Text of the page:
In Paul Graham's provocative "Post-Medium Publishing," he argues that we've rarely paid for "content," but rather for "form" -- that's why a good hardcover costs the same as a bad one, and both are more expensive than paperbacks. As the newspaper and CD forms lose currency, their publishers argue that what we've been buying all along is the "content" and demand that we "continue" to pay for it online.
What about iTunes? Doesn't that show people will pay for content? Well, not really. iTunes is more of a tollbooth than a store. Apple controls the default path onto the iPod. They offer a convenient list of songs, and whenever you choose one they ding your credit card for a small amount, just below the threshold of attention. Basically, iTunes makes money by taxing people, not selling them stuff. You can only do that if you own the channel, and even then you don't make much from it, because a toll has to be ignorable to work. Once a toll becomes painful, people start to find ways around it, and that's pretty easy with digital content.
I think he goes off the rails in the next graf, where he talks about how writers can self-publish merely by uploading files; this commits the same error that he's upset about: confusing "publishing" and "printing."
I also wonder if St McLuhan might not object here, with something about the form being the content.
Ten days ago, the European Parliament dealt a major blow to a radical proposal that would force online services to deploy copyright bots to examine everything posted by users and block anything that might be a copyright infringement; the proposal would also ban linking to news articles without paid permission from the news sites.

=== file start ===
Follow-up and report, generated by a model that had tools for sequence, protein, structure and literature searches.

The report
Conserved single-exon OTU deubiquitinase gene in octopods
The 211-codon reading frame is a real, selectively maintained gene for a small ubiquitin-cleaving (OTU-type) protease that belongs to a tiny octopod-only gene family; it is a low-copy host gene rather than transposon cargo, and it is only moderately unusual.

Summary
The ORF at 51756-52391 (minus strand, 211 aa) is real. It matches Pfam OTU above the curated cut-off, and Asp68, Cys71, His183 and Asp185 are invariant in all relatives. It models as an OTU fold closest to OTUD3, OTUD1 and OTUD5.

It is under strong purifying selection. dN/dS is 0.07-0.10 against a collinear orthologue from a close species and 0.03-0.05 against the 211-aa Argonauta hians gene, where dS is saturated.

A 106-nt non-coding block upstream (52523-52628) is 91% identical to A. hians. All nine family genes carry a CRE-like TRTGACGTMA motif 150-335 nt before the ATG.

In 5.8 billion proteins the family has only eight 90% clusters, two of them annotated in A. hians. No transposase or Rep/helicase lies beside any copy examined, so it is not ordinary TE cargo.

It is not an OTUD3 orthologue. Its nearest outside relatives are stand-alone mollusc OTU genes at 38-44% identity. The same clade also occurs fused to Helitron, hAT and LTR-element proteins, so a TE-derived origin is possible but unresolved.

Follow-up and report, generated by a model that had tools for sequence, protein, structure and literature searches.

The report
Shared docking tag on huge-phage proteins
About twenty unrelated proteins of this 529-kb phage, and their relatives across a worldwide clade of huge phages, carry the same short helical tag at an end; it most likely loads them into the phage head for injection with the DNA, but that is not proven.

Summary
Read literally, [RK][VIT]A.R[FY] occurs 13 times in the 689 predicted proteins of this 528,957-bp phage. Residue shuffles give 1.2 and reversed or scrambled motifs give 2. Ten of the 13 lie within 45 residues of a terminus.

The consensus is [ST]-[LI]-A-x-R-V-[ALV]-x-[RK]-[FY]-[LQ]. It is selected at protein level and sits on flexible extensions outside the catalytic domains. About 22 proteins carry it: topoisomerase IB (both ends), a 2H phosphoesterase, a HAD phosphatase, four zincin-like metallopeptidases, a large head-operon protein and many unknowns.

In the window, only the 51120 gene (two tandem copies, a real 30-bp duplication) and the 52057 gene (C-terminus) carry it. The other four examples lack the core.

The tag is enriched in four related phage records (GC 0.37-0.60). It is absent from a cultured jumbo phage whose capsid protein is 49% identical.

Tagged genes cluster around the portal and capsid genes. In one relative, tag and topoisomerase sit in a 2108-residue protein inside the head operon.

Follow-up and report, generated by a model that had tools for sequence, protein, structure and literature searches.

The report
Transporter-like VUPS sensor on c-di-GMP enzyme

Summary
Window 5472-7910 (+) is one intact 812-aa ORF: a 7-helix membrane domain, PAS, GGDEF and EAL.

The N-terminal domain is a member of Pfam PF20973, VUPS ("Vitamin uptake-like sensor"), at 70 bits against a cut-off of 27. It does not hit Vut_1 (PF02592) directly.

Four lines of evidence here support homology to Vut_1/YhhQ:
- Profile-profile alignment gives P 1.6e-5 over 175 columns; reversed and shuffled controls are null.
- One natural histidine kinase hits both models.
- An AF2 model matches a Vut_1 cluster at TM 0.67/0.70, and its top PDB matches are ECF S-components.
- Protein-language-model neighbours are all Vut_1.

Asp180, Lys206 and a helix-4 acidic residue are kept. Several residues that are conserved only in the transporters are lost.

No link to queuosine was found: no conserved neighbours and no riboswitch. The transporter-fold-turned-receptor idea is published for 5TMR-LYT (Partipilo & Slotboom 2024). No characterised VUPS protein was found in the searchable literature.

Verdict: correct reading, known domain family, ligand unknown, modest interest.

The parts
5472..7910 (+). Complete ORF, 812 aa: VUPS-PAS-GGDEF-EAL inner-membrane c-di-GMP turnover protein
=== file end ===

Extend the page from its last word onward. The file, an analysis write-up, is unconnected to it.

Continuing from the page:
Axel Voss is the German MEP responsible for Article 13 of the pending EU Copyright Directive, which says that it's not good enough for companies to remove infringing material posted by users once they're notified of its existence; instead, Voss wants then to spend hundreds of millions of dollars implementing automated filters that prevent anyone […]
Ray Corrigan (previously), a campaigning computer scientist at the UK's Open University, has an excellent explainer on the EU's disastrous copyright directive on the progressive academic group blog Crooked Timber (previously).
Summer’s here, which brings not only warmer weather but also the unsettling realization that the year is more than halfway over. So, for those who weren’t as productive as they would have liked during the first half of 2018, we’ve rounded up 5 skill course bundles you can start learning today to help you finish […]
It’s good to be proactive, but when it comes to preparing for an emergency situation, one of the most important items you can pack is a flashlight. After all, whatever else you include in your kit won’t be of much use if you can’t see what you’re doing. The Viper 1000-Lumen Tactical Flashlights not only […]
Chances are you took a handful of language classes in high school, and aside from a smattering of conjugations and vocabulary words, the only things you likely remember are the dry, rehearsed sentences that did little to make you speak like a true native. If you’re still hoping to learn a new language but want […]